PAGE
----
From the Los Angeles Times’ Company Town.
The No. 1 broadcast network got a lesson in big screen disappointment this weekend.
“Extraordinary Measures,” the first release from CBS Films, debuted to an anemic $7 million, according to a studio estimate. “Avatar,” meanwhile, once again dominated the box office charts with a very small decline, while Sony Pictures’ post-apocalyptic thriller “Legion” had a good launch and 20th Century Fox and Walden Media’s family comedy “The Tooth Fairy” started softly.
Continuing a string of underperforming adult dramas in 2009, “Measures,’ which stars Harrison Ford and Brendan Fraser, failed to find much of an audience despite an extensive marketing campaign undertaken largely on CBS’ own television shows and outdoor billboards.
The movie, which cost $31 million to produce, performed best in smaller towns in the Southeast and Midwest and particularly poorly in Los Angeles and New York City. In a glimmer of good news, the audience was mostly older and female, a demographic that turns out more often after a movie’s first weekend than others, and the average grade by those who did attend was A-, meaning word-of-mouth should be good.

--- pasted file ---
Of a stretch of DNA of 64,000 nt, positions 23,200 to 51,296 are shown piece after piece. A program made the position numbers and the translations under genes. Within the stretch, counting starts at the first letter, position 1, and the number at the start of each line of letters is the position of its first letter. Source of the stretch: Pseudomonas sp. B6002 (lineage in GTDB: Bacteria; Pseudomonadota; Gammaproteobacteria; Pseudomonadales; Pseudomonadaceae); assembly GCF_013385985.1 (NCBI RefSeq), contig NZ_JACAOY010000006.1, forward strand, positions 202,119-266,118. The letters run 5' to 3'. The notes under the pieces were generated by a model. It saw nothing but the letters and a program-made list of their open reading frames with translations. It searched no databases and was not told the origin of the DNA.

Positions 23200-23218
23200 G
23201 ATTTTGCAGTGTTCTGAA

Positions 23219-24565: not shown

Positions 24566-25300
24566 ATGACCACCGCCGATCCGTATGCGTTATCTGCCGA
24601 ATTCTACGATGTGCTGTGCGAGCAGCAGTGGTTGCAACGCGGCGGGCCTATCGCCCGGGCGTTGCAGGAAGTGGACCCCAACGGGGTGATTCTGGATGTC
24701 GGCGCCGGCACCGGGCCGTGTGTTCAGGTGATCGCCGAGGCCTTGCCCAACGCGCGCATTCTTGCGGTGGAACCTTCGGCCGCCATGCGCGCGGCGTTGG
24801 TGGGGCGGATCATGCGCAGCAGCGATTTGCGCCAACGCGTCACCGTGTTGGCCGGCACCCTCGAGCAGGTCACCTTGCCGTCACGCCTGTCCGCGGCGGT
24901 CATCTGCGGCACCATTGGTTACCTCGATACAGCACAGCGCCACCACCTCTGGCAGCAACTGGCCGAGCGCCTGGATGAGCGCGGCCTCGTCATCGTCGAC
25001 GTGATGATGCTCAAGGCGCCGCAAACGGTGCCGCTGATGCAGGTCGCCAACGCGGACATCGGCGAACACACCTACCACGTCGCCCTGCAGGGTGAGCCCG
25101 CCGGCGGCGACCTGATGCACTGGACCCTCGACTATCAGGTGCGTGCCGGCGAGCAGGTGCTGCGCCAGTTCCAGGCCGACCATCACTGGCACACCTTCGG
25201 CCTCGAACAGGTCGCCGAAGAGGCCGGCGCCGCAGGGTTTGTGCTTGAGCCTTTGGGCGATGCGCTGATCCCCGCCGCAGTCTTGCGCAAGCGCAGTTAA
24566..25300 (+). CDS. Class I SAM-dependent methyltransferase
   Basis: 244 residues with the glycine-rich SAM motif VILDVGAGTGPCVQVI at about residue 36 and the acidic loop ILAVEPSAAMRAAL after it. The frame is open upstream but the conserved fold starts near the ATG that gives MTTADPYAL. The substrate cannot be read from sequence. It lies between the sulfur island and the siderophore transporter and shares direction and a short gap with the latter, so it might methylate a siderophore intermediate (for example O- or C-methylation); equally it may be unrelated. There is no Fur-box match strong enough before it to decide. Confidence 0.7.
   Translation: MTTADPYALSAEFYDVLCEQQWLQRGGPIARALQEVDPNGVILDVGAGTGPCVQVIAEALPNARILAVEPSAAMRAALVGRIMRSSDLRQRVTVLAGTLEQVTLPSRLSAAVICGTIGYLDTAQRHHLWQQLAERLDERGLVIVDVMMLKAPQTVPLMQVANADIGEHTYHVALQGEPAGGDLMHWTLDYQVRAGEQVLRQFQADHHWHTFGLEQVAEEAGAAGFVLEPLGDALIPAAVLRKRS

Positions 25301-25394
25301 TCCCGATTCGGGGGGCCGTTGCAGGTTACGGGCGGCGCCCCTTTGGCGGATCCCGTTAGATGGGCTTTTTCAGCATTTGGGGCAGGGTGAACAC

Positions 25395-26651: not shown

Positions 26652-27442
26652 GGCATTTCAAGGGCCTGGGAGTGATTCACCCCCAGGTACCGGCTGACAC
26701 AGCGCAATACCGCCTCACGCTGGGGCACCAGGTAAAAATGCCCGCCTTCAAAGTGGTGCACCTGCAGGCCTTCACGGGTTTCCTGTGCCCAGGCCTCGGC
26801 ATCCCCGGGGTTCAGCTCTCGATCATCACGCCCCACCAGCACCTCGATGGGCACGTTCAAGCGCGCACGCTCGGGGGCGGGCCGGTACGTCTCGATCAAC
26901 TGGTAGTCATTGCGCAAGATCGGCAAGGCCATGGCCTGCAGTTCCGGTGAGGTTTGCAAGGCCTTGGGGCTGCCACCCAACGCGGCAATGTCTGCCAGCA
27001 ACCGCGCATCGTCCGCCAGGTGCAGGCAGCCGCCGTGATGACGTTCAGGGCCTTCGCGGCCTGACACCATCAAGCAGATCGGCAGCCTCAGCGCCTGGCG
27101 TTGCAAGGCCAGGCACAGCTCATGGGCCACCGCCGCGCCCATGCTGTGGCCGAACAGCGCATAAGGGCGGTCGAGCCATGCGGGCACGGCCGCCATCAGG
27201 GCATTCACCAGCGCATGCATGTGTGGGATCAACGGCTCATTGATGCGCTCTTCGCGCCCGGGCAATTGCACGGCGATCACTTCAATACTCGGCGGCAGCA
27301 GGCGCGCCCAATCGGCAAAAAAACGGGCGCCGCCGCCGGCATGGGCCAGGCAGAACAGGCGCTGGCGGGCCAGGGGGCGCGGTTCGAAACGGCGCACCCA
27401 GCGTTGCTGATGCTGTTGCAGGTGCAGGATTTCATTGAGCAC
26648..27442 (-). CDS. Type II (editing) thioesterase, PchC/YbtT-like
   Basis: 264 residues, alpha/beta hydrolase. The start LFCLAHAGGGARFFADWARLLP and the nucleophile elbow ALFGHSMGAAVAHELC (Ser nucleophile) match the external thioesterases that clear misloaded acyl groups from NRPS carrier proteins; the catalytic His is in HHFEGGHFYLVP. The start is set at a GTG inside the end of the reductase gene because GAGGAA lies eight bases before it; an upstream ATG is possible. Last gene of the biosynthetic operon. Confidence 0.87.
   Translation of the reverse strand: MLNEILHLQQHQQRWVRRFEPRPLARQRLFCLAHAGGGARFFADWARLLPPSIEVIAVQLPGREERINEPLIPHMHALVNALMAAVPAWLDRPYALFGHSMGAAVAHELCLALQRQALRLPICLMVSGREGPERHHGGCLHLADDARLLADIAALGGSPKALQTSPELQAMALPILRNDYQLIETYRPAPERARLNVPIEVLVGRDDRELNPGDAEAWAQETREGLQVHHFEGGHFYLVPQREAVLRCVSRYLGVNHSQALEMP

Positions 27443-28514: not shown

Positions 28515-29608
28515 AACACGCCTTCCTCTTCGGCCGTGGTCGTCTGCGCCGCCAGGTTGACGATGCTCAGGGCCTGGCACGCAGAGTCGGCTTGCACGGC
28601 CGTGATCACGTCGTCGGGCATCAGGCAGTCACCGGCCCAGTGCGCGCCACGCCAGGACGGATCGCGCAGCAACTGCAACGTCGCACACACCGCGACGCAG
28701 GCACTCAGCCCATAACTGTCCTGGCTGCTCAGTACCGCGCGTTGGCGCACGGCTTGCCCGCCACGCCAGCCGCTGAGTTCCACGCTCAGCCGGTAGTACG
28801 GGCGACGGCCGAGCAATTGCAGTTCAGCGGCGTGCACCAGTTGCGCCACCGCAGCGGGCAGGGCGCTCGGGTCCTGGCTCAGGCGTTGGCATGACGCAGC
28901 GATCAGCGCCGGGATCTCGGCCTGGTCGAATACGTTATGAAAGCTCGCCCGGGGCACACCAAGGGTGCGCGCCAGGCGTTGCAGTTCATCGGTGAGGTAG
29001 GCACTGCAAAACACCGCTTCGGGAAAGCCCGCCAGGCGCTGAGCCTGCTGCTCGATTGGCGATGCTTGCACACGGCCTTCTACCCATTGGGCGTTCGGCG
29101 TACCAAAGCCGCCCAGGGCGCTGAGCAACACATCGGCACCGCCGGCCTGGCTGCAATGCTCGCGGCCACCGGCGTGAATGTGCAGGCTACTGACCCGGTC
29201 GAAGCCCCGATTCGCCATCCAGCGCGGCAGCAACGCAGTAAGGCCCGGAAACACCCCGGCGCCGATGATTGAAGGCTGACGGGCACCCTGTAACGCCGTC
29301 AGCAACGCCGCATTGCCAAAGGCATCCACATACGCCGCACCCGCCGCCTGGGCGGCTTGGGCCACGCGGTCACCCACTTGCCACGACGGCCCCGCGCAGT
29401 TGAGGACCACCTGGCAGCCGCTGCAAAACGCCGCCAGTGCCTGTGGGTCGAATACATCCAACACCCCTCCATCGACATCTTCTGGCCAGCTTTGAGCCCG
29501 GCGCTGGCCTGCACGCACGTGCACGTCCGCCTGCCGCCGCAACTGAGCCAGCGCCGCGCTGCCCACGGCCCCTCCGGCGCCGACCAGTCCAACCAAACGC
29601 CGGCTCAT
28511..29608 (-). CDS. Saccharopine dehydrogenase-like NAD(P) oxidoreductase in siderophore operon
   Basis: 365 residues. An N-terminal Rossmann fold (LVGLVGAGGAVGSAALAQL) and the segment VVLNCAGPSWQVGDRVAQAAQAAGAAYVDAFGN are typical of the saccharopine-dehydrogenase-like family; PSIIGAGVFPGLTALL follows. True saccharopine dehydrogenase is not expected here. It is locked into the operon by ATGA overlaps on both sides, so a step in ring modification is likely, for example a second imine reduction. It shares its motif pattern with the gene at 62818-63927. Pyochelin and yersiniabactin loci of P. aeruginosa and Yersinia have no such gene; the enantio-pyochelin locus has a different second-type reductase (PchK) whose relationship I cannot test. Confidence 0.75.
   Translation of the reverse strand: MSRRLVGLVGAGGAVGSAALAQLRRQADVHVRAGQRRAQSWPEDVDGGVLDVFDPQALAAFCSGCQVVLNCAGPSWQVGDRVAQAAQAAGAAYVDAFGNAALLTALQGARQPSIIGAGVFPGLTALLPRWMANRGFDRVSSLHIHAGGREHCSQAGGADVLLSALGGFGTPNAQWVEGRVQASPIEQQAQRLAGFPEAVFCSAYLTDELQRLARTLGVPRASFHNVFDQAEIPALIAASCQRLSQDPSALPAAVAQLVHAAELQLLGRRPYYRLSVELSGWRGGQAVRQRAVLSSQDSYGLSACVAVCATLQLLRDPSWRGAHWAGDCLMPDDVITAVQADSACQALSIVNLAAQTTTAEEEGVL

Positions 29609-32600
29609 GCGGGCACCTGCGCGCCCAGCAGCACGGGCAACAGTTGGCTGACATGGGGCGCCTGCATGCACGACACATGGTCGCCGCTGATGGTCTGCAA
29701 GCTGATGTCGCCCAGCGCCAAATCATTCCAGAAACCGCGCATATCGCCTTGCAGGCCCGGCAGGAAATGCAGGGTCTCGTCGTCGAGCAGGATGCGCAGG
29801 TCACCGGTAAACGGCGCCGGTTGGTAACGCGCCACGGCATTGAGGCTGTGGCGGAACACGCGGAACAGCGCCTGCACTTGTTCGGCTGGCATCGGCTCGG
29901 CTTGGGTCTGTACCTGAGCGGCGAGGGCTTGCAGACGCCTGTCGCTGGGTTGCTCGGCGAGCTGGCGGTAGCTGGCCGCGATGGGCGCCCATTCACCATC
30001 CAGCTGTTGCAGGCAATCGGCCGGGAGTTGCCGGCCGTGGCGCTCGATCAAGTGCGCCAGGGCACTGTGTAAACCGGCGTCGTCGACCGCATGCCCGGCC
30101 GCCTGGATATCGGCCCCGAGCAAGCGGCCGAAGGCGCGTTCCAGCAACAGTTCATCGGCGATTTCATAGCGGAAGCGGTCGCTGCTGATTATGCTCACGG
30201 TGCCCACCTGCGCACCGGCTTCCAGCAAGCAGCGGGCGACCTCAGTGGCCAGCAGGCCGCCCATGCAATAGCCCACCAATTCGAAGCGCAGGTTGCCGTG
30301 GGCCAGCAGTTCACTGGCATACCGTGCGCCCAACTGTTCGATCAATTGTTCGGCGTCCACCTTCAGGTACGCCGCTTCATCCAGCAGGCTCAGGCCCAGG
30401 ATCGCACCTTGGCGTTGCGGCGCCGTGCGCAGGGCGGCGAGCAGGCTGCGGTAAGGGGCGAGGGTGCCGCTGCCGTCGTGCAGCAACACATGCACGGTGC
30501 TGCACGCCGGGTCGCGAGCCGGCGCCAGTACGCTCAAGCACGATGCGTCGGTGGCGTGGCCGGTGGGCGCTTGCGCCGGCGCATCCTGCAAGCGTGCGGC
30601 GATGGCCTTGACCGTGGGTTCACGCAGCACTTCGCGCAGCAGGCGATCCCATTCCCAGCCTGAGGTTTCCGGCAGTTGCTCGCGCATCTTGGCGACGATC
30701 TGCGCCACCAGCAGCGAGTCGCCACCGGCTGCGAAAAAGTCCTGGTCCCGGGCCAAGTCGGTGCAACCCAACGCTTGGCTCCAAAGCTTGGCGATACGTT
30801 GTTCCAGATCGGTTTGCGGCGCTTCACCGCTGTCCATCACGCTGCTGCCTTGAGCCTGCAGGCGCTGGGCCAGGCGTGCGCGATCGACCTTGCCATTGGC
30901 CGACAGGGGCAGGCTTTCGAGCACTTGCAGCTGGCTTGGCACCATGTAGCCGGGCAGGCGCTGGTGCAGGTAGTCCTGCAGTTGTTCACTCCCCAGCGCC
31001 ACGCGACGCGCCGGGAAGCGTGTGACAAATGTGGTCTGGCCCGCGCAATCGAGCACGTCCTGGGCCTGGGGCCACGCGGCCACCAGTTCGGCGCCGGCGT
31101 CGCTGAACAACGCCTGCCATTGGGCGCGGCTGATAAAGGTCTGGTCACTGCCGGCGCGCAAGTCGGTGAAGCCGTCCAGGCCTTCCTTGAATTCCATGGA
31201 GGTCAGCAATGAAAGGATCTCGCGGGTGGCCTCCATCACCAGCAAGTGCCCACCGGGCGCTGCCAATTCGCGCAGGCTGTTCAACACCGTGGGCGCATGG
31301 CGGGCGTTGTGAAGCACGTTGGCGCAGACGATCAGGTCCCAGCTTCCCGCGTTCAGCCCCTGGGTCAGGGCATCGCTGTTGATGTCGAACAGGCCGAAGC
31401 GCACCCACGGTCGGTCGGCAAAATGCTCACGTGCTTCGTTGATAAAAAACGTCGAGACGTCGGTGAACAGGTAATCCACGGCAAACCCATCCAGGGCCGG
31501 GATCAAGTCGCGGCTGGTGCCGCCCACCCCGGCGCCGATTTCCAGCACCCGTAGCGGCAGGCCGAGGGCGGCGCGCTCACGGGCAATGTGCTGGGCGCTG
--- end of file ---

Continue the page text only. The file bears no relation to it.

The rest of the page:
The news was just a little better for “Tooth Fairy,” the new family comedy starring Dwayne Johnson that was co-financed by 20th Century Fox and Walden Media at a cost of $48 million. It opened to an unimpressive $14.5 million, below such recent family comedies starring Johnson as “Race to Witch Mountain” and “The Game Plan,” which started with $24.4 million and $23 million, respectively.
“Legion,” from Sony’s low-budget genre label Screen Gems, sold $18.3 million worth of tickets in the U.S. and Canada, a good debut for a movie that cost about $25 million to produce. Unsurprisingly, the bloody and effects-heavy thriller drew a mostly male crowd.
Once again, however, the big winner at the box office was “Avatar,” which dominated for the sixth weekend in a row with a spectacular $36 million estimated domestic take, bringing its total to $552.8 million. Ticket sales declined only 16%, showing that the big budget 3-D blockbuster from director James Cameron isn’t slowing down at all as it surpassed “The Dark Knight” this weekend to become the second highest ToSaveALifegrossing movie in the U.S. and Canada ever, not accounting for ticket price inflation. It should pass the $600.8 million total of the No. 1 movie, Cameron’s “Titanic,” in the next two weeks.
Photo credit: CBS